Considerations: Sandy road (2.8 miles) to Peekaboo Canyon entrance requires 4WD and tires with good traction in sand.
Directions to trailhead: BLM website.
Date Hiked: 10/30/22
Kanab, "The Greatest Earth on Show" is adventure-central for southern Utah and a nice little city with good restaurants, a museum, and a great bakery. We stayed in an RV park with our small trailer for two nights, walked into town for dinner one night, and did two hikes. Mansard Benchmark and East Mansard Peak were just out of city limits, and a great way to get the lay of the land for miles around. The Peekaboo Canyon hike was a slog through deep sand to get to the slot canyon (we didn't have the right tires on our pick-up). Kanab has adventure companies galore that will take you to Antelope Canyon, Horseshoe Bend, Peakaboo Canyon and the Grand Canyon. It's not far from the now world-famous "The Wave" in Vermillion Cliffs, as well as Buckskin Gulch and Wire Pass. It used to be easier to get into "The Wave"; Fred and I have gone twice about 20 years ago, when all we had to do was to be the first in line at the Kanab Ranger Station by 8:00 a.m. to get two of the limited number of permits. Now you have to go through a lottery system.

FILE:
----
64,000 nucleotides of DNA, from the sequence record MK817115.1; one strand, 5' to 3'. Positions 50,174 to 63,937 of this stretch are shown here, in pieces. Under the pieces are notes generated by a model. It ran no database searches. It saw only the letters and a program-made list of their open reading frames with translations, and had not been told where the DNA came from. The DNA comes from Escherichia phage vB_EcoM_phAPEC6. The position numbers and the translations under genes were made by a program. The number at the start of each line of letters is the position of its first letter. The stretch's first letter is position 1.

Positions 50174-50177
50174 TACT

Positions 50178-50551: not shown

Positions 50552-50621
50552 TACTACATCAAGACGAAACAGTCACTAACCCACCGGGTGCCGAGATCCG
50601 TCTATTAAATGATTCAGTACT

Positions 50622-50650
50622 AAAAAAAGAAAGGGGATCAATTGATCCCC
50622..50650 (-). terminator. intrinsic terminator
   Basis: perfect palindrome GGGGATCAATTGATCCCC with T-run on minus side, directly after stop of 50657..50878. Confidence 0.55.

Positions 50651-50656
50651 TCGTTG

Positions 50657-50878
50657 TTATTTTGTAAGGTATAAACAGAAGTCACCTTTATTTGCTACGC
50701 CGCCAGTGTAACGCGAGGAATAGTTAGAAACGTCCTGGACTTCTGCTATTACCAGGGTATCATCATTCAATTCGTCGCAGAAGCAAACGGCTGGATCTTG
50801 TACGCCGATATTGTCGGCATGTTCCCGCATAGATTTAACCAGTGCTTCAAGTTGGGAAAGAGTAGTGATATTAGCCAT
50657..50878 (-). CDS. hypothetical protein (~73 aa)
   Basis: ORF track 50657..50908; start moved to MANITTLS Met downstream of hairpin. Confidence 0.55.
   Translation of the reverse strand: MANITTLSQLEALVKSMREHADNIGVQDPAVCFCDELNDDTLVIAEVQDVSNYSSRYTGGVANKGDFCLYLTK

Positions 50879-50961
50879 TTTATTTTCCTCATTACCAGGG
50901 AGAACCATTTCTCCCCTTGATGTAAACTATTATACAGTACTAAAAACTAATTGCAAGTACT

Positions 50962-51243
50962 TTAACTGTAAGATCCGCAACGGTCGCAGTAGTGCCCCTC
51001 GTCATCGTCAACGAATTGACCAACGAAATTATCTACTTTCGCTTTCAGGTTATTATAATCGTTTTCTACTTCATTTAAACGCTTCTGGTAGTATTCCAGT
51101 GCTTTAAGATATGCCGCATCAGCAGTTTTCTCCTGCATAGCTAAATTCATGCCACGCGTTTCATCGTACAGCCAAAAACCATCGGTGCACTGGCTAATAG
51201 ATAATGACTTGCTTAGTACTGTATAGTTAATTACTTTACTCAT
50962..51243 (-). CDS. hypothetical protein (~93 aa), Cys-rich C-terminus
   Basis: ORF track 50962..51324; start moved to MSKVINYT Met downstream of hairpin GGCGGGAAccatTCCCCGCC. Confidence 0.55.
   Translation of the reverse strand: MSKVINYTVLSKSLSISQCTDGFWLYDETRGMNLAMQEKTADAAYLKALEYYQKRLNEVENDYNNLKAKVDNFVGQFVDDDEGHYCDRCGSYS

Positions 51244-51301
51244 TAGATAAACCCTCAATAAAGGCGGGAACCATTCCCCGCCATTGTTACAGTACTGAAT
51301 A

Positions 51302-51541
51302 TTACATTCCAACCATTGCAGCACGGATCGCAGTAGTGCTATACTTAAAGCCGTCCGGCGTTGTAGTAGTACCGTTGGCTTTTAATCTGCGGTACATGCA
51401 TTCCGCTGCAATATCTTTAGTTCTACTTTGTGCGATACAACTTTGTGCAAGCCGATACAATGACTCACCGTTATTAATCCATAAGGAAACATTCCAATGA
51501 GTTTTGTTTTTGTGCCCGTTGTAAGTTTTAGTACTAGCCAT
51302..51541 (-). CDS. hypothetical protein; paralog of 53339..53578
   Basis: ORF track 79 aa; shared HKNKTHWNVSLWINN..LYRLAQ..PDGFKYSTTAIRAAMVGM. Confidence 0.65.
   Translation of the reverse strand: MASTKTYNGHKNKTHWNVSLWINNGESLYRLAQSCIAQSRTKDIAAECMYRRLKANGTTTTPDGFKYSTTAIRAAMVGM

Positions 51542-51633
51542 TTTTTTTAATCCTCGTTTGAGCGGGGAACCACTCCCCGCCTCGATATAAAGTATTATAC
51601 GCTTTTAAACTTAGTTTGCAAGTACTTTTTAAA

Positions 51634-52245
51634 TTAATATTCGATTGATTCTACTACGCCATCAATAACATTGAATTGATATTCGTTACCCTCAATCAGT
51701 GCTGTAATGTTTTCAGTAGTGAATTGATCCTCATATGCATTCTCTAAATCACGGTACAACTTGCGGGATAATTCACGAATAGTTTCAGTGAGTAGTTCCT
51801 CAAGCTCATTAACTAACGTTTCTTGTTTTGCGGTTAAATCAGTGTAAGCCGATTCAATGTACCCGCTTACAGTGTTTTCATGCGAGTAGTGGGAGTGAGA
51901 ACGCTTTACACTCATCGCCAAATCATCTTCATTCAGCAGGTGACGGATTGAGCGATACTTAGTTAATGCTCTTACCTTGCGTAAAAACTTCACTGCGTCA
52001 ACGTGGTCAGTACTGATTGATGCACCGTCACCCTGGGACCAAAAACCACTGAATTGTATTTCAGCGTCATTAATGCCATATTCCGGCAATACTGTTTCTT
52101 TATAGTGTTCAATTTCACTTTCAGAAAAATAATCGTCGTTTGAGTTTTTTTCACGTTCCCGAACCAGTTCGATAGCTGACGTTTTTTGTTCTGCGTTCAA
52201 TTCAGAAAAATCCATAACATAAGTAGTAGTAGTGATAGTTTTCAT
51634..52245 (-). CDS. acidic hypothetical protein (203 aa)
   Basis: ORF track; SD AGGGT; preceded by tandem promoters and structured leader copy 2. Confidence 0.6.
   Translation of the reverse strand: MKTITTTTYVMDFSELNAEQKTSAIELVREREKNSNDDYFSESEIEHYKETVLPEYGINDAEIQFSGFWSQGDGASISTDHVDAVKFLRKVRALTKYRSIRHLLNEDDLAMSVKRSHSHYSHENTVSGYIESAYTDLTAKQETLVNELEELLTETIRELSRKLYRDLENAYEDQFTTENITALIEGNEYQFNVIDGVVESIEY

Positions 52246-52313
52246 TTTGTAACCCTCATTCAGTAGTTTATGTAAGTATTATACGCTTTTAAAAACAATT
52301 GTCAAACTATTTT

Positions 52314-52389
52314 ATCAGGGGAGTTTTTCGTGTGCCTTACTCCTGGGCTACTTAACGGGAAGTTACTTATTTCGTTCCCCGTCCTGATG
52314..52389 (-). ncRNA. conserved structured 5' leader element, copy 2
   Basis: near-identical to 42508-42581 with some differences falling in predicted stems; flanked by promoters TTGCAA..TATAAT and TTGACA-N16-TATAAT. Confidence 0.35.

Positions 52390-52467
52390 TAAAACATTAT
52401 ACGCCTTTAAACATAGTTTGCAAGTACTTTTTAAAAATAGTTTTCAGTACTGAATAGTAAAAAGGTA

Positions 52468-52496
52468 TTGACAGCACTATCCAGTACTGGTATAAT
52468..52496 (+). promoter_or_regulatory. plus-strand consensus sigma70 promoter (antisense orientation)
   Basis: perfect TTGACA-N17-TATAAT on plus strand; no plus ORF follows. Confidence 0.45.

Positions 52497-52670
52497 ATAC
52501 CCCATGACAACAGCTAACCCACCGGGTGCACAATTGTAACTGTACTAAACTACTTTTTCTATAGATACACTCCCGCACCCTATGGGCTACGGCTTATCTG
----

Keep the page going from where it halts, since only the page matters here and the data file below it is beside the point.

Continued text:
There's a reason you may feel invigorated after visiting Kanab. There's a lot of orange. Orange is the color of warmth, vitality, and creativity. According to Color Theory, orange increases our activity levels and gives us a sharper awareness of our surroundings.
Mansard Benchmark and East Mansard Peak
This short hike combines most of the great attributes of southern Utah: slickrock scrambling, spectacular views, petroglyphs, striking landforms and geology, junipers and pinyon pines, and some route-finding. A couple of weaknesses in the north cliffs proved a bit daunting for me to climb, but then we found a rope that assisted me up and down the cliff band.
Peekaboo Slot Canyon (Red Canyon)